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Exoplanets around main sequence stars are being discovered in large numbers
An increasing number of extrasolar planet discoveries are being made with 3,621 planets in 2,712 planetary systems known as of 1 July 2017. Rare Earth proponents argue life cannot arise outside Sun-like systems. However, some exobiologists have suggested that stars outside this range may give rise to life under the right circumstances; this possibility is a central point of contention to the theory because these late-K and M category stars make up about 82% of all hydrogen-burning stars.
Current technology limits the testing of important Rare Earth Criteria: surface water, tectonic plates, a large moon and biosignatures are currently undetectable. Though planets the size of Earth are difficult to detect and classify, scientists now think that rocky planets are common around Sun-like stars. The Earth Similarity Index (ESI) of mass, radius and temperature provides a means of measurement, but falls short of the full Rare Earth criteria.
Rocky planets orbiting within habitable zones may not be rare
Some argue that Rare Earth's estimates of rocky planets in habitable zones are too restrictive. James Kasting cites the Titius-Bode law to contend that it is a misnomer to describe habitable zones as narrow when there is a 50% chance of at least one planet orbiting within one. In 2013 a study that was published in the journal Proceedings of the National Academy of Sciences calculated that about "one in five" of all sun-like stars are expected to have earthlike planets "within the habitable zones of their stars"; 8.8 billion of them therefore exist in the Milky Way galaxy alone. On 4 November 2013, astronomers reported, based on Kepler space mission data, that there could be as many as 40 billion Earth-sized planets orbiting in the habitable zones of sun-like stars and red dwarf stars within the Milky Way Galaxy. 11 billion of these estimated planets may be orbiting sun-like stars.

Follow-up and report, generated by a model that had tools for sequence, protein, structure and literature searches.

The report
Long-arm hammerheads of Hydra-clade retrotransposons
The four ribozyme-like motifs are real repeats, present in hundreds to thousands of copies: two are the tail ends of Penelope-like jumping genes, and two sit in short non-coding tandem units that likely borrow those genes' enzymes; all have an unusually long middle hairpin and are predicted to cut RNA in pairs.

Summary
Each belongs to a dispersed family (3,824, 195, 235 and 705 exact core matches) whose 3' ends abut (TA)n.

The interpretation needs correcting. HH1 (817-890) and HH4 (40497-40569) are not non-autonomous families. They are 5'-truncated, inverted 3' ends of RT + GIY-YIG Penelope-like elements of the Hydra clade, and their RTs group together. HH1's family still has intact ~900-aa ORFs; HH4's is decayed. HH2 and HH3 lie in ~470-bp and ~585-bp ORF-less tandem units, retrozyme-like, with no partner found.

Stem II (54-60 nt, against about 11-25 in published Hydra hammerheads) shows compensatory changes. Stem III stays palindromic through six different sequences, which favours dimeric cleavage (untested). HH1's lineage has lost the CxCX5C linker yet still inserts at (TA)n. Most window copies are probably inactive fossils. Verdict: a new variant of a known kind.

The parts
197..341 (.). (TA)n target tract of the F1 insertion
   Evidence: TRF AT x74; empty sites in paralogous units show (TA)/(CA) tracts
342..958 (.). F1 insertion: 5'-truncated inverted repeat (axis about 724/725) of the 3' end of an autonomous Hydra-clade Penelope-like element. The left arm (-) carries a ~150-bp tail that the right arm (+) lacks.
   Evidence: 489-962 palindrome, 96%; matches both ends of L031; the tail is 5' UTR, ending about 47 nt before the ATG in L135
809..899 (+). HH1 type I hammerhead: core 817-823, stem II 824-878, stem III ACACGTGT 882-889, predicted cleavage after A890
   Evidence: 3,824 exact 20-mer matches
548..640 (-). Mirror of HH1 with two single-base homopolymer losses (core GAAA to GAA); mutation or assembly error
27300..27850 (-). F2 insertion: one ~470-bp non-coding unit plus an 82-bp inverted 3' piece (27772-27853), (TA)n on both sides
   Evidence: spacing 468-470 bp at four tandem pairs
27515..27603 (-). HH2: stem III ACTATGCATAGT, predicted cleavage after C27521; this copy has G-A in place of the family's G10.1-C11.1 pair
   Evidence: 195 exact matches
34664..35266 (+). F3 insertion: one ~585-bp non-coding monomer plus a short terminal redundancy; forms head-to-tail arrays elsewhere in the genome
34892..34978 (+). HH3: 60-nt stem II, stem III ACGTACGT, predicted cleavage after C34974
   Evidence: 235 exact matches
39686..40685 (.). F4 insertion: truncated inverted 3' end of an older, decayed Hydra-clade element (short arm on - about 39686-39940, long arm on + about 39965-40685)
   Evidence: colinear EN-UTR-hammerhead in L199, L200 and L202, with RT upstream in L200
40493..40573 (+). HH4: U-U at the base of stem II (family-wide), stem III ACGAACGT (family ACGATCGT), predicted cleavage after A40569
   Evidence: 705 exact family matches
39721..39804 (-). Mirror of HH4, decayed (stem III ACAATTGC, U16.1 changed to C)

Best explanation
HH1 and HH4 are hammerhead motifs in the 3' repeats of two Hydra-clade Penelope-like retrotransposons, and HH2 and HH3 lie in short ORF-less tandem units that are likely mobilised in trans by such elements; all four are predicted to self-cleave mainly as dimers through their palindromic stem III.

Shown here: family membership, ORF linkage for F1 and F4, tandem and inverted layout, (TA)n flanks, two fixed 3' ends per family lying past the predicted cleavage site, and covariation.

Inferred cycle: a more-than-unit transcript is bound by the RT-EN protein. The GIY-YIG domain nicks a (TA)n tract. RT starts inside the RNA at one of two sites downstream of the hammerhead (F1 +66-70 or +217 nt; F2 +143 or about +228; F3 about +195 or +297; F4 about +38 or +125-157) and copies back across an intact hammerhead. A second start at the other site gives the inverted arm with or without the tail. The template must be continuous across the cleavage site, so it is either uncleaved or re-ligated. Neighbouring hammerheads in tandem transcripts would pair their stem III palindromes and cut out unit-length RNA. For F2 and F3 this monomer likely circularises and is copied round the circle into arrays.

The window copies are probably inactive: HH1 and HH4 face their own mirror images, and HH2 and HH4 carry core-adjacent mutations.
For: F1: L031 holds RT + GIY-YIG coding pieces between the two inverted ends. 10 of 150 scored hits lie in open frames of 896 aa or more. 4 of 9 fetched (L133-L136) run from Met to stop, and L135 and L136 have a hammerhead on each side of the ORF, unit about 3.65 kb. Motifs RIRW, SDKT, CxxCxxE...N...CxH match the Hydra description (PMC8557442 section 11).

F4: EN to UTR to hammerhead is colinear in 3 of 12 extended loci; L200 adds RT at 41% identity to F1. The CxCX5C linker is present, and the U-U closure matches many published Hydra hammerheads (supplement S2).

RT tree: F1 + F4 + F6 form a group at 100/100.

In the past, astronomers have found that the cosmos is hierarchically assembled, with galaxies being arranged in clusters, superclusters, sheets, walls and filaments. These are separated by immense cosmic voids, which together create the vast “Cosmic Web” structure of the Universe.
The cosmic void that contains the Milky Way's is dubbed the Keenan, Barger and Cowie (KBC) void, after the three astronomers who identified it in the 2013 study. It is the largest cosmic void ever observed — about seven times larger than the average void, with a radius of about 1 billion light-years, according to the study.